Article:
It is a great introductory electric bicycle for anybody who doesn’t want to spend a fortune, and who wants to look good out on the town.

Read Review: Blix Aveny Skyline

VVolt Alpha II

Price: $1,699

Pros:

  • Gates belt drive
  • Hydraulic disc brakes
  • Sleek and lightweight

Cons:

  • Easy to get spun out on flat roads
  • Doesn’t come with “extras”

The VVolt Alpha is an amazing commuter bike. It has an electric assist, but it’s sleek and smooth and it’s hard to tell that it’s an e-bike.

The bike is also easy to maintain thanks to the singlespeed drivetain and belt drive (rather than a chain). It has a step thru frame which makes riding with a skirt a bit easier.

Finally, compared to most other e-bikes this one is significantly lighter. If you run out of battery, you’ll still manage to make it home.

While I appreciate the singlespeed drivetrain for it’s simplicity, I did find that I was often under geared on flat roads. (The climbing gear was great though). Also, it lacks some of the extras that you’ll find on other e-commuters like fenders, rack, or a bell.

Read Review: VVolt Alpha Step Thru

RadPower RadCity

Price: $1,699

Pros:

  • Lots of power, throttle
  • Great customer service
  • Excellent climber

Cons:

  • Suspension fork in unnecessary
  • Battery is super obvious

When my sister moved to town, she knew she wanted an e-bike so should could join our family riding around town. She was also living with us initially and the big hill up our house is a major challenge.

She asked for my help picking out an e-bike and we chose the Radpower Radcity Step-Thru. The bike offers affordability, excellent customer service, and powerful performance with a 750-watt motor. Its 7-speed gearing makes hills manageable, a crucial feature for my hilly commute. Despite its heavier weight and the addition of a somewhat unnecessary suspension fork, the pedal-assist and throttle make rides smooth and enjoyable.

The bike includes integrated lights, a rear rack, and various cargo options, allowing for easy customization. The upright geometry and step-through frame make it comfortable for riding in skirts and easy mounting.

Assembly was straightforward, and RadPower offers mobile service for assembly and repairs in certain areas. The bike’s battery life is impressive, easily handling her daily 5-10 mile commutes without significant drain.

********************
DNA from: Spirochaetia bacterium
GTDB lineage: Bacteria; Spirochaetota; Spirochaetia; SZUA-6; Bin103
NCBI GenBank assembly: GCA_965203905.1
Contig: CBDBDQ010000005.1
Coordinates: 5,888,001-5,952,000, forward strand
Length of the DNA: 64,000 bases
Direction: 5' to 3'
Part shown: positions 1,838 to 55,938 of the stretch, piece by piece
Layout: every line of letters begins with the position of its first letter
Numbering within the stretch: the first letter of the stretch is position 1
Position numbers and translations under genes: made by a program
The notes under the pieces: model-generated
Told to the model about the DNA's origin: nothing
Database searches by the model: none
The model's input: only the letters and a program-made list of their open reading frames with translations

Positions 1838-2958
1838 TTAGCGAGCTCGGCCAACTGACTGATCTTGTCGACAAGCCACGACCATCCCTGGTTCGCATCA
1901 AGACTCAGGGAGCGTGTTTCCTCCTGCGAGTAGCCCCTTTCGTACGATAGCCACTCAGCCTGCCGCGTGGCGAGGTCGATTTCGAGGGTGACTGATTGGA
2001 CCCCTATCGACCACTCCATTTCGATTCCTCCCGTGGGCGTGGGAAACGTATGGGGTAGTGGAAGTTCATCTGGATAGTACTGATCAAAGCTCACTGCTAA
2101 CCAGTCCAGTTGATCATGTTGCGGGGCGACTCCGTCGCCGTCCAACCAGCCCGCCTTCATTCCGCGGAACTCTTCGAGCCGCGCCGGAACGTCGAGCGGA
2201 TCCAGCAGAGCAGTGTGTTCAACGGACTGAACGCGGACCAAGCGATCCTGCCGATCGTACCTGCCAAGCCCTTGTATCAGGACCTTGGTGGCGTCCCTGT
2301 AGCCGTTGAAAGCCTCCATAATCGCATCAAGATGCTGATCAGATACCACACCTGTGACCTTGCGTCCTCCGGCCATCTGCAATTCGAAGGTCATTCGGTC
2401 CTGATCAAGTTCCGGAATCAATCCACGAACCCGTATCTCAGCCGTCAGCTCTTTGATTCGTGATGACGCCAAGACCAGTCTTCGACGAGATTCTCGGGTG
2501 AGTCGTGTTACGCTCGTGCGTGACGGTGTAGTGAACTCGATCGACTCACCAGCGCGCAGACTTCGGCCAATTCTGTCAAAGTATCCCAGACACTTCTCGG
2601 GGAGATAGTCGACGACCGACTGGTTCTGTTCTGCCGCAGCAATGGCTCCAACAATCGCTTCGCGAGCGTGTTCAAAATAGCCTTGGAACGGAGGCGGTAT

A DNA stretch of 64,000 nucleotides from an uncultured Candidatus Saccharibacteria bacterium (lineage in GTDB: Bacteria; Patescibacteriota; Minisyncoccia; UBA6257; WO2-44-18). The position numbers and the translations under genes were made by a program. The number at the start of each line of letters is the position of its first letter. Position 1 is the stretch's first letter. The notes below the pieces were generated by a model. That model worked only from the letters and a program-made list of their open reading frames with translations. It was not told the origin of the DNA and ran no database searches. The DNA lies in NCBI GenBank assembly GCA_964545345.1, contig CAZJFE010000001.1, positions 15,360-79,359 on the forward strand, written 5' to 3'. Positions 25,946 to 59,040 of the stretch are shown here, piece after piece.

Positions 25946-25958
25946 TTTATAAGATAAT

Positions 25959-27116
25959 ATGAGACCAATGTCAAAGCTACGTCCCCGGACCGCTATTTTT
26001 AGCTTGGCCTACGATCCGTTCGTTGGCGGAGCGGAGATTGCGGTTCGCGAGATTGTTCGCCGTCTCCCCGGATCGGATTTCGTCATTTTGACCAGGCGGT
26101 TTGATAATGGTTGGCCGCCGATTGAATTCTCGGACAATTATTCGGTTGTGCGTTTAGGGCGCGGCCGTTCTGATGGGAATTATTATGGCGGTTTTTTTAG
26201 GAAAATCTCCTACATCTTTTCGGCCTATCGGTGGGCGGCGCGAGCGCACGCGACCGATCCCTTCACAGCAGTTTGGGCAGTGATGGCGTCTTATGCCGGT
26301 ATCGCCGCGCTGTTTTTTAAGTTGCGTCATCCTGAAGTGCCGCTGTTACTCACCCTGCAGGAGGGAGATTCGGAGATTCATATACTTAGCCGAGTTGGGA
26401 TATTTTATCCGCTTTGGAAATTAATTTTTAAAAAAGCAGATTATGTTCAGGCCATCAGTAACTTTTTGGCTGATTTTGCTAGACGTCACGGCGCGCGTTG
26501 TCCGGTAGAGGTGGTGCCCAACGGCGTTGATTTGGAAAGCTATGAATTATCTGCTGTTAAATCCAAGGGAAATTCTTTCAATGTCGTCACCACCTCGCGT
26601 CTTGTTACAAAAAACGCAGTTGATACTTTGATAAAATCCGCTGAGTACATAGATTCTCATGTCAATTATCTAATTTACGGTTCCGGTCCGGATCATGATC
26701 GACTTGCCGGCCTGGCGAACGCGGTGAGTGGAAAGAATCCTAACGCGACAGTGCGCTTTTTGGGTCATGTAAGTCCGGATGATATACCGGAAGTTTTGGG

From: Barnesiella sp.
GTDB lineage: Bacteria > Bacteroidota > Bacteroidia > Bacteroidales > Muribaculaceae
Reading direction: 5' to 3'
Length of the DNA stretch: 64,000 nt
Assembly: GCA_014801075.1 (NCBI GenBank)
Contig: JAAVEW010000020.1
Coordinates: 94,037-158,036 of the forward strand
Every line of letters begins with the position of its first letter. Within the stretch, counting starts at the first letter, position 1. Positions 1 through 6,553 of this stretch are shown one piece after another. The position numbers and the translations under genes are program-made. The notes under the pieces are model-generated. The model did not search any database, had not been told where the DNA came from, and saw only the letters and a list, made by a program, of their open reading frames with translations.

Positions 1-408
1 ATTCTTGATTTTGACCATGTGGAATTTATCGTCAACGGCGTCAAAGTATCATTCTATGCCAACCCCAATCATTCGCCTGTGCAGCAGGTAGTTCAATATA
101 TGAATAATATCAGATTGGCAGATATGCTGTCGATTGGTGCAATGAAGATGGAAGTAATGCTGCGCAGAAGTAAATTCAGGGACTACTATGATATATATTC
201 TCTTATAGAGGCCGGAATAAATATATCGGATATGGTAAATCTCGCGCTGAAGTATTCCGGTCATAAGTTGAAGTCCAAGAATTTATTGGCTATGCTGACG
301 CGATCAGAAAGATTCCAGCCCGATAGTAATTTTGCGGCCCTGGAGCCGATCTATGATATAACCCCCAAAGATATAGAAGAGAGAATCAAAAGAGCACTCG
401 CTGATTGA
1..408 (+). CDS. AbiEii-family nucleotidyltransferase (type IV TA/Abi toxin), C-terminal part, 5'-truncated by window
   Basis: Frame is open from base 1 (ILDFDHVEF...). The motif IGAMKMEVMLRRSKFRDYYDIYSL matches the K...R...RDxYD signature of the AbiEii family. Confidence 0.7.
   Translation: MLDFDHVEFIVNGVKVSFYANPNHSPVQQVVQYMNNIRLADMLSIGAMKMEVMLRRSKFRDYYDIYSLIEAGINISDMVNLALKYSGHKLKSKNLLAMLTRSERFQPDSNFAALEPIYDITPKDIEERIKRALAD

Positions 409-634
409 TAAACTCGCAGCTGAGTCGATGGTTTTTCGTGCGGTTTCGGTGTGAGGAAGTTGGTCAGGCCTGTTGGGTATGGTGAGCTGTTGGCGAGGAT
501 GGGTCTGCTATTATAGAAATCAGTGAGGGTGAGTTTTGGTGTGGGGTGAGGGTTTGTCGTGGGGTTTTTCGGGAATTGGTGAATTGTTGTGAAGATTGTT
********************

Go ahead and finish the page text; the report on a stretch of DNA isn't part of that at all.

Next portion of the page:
Read Review: RadPower RadCity

State Bicycle Co 6061 E-Bike Commuter

Price: $1,499

Pros:

  • Super sleek, stealthy e-bike
  • Durable steel frame
  • Good climber

Cons:

  • High top tube
  • Mechanical rather than hydraulic disc brakes

The State Bicycle Co 6061 E-Bike Commuter has a similar vibe to the VVolt Alpha II (listed above). It is unique though in that it has a steel frame which is durable and beautiful.

Like the VVolt, the 6061 has a belt drive and single speed drivetrain. It also looks sleek, and it’s hard to tell that it’s an e-bike without closer inspection.

Thanks to the reasonably light weight and lower gearing, the bike is a great climber. This makes it a good choice for cities with lots of hills.

One drawback for many women is that it does not have a step-thru frame option, and the high top tube makes wearing a skirt difficult. It also has mechanical rather than hydraulic disc brakes. I’d prefer hydraulic brakes for the additional stopping power particularly in wet weather.

How to Choose a Commuter Bike

There are a couple things to consider before pulling out the credit card.  Here are some tips on how to choose the best commuter bike for you.

Tires

In general, the best tires for a commuter bike have plenty of tread, are decently wide, but still roll quickly.  Think a cross between a road bike and mountain bike tire. 

This ensures that they will perform well in a variety of conditions, wet weather, etc.  It also gives you the flexibility to roll on gravel paths (like rail trails), which are often some of the best commuting routes.

alpha tires

Extras–Lights, Fenders, Bells, Racks, etc.

Commuter bikes are most useful when they are accessorized.  A rear rack allows you to carry gear (like your laptop and a change of clothes for instance).  Fenders help keep you dry on rainy days. 

Many commuter bikes come with these things,  some do not.  It is worth paying attention to what the bike comes with stock and how much it will cost to upgrade with any items you might need. 

If you don’t mind a little DIY work, it can be most cost effective to add all the “extras” after the fact.  If you want a bike that can do it all on Day 1, look for a bike that comes with the full package.

rear light

Brakes

The bikes on this list come with three different and distinct types of brakes –rim brakes, mechanical disc brakes, and hydraulic disc brakes. 

Types of Brakes

V-brakes are the cheapest and the simplest to maintain, but do not stop as well, particularly in wet conditions.  Mechanical disc brakes are the mid-price option.  They perform better than rim brakes but not as well as hydraulic disc brakes. 

Hydraulic disc brakes have the most stopping power, and provide the best modulation.  They also have the highest price tag and require the most maintenance.

Riding Position

Generally, the best commuter bikes have a moderate riding position–not too upright, not too aggressive.  This makes for the best mix of power transfer to the pedals, comfort, and maneuverability.